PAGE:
When Elias Zerhouni, director of the National Institutes of Health (NIH), announced a tightening of conflict-of-interest rules with NIH scientists on 1 February — in effect, significantly expanding the restrictions placed on senior members of NIH last year and extending them to all 5,000-plus NIH scientists — pharmaceutical companies were left quietly puzzled by the move.

Those in industry polled for this story said that the sweeping ban on links between NIH scientists and companies would have no real effect on their businesses, but they were unwilling to speak on the record, citing legal concerns should they stir up the waters, as well as some confusion over the requirements set by the NIH.

The new restrictions prohibit interactions with companies, health-care providers, insurers, trade groups and NIH-supported research institutions. Designated interactions include consulting, participation on scientific and other boards, and compensated teaching, speaking or writing. Such activities must cease within 30 days of the announcement, with some narrow provision for extending the deadline. NIH scientists and their spouses and children must also divest all but nominal stock holdings in health-care affiliated companies, irrespective of whether they have other ties to them.

Despite the fact that affected NIH scientists have little time to act on this interim final rule, some details of implementation remain sketchy. Stock ownership more than US$15,000, for example, is prohibited. But what if a stock shoots up one day, then pulls back? What is the trigger to sell — a one-day closing price?

“We don't know how it's going to shake out,” says a spokesman for the National Academy of Sciences. “Some things are not clear; the NIH has to work through their process.”

How many scientists are affected by the rulings is also not clear. Approximately 600 scientists have been implicated, and around 100 researchers were named by a congressional committee as failing to notify the agency about their outside deals. But a week later, an NIH review found that 50–80% of these scientists might be mistakenly implicated because of confusion over similar names, the time period for which data were collected and differences in data coding.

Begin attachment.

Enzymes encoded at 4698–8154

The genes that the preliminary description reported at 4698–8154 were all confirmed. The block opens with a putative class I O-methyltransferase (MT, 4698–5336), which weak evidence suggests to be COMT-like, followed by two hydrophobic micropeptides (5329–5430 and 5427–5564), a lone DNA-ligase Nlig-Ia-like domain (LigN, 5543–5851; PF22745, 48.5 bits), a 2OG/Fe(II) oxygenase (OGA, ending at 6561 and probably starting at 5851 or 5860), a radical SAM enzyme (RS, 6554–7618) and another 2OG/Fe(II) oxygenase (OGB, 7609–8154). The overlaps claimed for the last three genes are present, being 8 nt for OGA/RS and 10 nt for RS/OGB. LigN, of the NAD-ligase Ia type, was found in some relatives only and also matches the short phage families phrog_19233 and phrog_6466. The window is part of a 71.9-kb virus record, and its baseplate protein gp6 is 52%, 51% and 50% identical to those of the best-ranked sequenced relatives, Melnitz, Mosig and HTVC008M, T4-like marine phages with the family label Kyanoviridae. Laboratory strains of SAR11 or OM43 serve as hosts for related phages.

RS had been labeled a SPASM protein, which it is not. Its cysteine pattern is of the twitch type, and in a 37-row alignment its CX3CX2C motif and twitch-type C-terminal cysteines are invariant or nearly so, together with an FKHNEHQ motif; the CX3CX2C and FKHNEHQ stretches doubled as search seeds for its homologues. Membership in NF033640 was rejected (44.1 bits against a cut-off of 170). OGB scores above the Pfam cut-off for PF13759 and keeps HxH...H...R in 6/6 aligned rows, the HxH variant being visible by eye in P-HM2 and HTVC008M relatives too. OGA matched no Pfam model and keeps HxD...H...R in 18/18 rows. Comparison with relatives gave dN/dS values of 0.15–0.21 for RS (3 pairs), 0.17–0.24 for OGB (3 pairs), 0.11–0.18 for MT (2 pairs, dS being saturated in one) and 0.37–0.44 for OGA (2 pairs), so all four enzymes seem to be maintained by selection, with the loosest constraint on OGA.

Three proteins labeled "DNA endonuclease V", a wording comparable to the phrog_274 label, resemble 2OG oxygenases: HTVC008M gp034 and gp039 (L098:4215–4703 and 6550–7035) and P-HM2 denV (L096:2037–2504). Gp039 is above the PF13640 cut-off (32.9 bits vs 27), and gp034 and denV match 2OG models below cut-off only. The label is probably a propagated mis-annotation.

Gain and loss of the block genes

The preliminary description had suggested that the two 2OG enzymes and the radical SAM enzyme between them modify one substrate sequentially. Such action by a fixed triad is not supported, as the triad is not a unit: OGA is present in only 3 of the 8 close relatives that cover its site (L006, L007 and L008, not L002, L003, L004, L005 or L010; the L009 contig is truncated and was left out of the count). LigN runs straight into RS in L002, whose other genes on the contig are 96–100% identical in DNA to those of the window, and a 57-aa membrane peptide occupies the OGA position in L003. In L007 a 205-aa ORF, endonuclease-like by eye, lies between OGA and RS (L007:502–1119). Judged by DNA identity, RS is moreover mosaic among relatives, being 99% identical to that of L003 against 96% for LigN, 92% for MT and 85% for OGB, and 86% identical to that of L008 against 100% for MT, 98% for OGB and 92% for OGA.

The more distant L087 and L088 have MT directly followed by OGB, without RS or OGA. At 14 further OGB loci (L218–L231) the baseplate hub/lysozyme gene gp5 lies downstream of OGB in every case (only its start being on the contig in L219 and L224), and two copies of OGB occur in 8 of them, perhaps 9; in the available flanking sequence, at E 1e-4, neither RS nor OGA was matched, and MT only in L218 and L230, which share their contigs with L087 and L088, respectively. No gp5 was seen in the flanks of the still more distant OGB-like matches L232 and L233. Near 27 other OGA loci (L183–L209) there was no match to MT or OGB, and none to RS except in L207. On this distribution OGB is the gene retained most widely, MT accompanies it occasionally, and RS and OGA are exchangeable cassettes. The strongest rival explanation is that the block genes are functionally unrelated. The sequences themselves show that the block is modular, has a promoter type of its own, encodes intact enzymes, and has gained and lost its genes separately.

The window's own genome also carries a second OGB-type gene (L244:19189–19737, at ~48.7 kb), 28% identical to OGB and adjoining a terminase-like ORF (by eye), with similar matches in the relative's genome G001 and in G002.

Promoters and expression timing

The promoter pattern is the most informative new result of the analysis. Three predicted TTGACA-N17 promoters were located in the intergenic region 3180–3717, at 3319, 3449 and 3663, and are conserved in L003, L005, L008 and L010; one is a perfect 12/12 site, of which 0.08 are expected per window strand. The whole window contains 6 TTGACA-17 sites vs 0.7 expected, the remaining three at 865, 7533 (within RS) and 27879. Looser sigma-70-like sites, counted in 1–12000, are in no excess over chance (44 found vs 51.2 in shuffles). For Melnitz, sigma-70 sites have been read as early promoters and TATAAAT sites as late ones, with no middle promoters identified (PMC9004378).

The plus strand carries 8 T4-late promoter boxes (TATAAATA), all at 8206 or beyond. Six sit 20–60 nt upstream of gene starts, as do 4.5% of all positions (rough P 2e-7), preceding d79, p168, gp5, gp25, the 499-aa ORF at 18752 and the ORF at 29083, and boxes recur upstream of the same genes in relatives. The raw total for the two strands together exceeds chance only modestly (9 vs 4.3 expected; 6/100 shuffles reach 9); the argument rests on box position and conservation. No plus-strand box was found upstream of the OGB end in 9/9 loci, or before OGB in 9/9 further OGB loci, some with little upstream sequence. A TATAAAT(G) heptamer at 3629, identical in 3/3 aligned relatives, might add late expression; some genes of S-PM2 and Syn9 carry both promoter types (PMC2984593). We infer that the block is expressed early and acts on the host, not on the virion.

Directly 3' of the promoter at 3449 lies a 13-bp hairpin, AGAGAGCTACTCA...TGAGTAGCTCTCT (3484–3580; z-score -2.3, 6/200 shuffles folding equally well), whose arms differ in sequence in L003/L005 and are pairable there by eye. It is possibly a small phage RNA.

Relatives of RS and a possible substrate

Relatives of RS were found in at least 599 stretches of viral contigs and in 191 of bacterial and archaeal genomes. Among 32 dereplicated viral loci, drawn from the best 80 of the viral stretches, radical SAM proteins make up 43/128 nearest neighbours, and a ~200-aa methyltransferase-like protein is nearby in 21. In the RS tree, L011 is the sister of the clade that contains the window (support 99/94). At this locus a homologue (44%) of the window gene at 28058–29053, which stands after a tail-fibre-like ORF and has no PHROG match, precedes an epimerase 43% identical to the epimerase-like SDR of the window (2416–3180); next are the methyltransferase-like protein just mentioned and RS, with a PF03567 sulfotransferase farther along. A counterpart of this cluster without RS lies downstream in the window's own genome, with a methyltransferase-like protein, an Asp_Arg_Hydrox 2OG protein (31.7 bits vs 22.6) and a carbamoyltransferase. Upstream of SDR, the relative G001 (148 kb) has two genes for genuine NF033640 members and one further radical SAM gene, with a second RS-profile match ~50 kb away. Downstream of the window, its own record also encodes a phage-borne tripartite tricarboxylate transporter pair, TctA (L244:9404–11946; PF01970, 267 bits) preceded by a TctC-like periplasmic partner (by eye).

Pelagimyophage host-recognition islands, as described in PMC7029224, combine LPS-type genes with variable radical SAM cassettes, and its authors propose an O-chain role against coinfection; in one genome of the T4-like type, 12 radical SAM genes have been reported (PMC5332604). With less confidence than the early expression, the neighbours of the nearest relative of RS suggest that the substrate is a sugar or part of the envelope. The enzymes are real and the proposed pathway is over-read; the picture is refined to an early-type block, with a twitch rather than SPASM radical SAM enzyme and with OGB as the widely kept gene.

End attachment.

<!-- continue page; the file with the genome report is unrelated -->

Also unclear is the amount of money at issue as a result of existing relationships. The NIH has promised to provide some quantitative information, but after the 30-day deadline for implementation the last post on its website is dated 3 February. “The process is ongoing,” explains Don Ralbovsky of the NIH Office of Communications.

Companies are waiting for NIH colleagues to contact them. Wyeth, for example, on seeing the announcement, immediately searched its databases to find out who they were paying, and for what, according to President of Wyeth research, Robert Ruffolo, Jr. But he was not aware of any NIH scientists who had contacted the company.

Ruffolo expects little impact on Wyeth. “The influence NIH has over what we do is so relatively small. I don't know anyone who sees this as an issue that needed to be fixed.”

“What we saw was a very quick, not well-considered, reaction to some political pressure, which should have been resisted,” says Raymond Warrell, Jr., CEO of Genta Inc. and a former long time consultant to industry. A more reasonable approach is to require full disclose, he suggests, along the lines of what the NIH imposed last year on its senior staff. “No one is countenancing a mechanism that does not involve doing that in a public forum, but there's no reason to go beyond that.”

NIH could take a lesson from the way the FDA handled accusations of bias in the approvals of cyclooxygenase 2 (COX2) inhibitors, says Warrell. The FDA called a meeting, including its own whistle-blower, and put it to a vote to see what people thought. The NIH has been reactive, not proactive, during a time that calls for leadership.”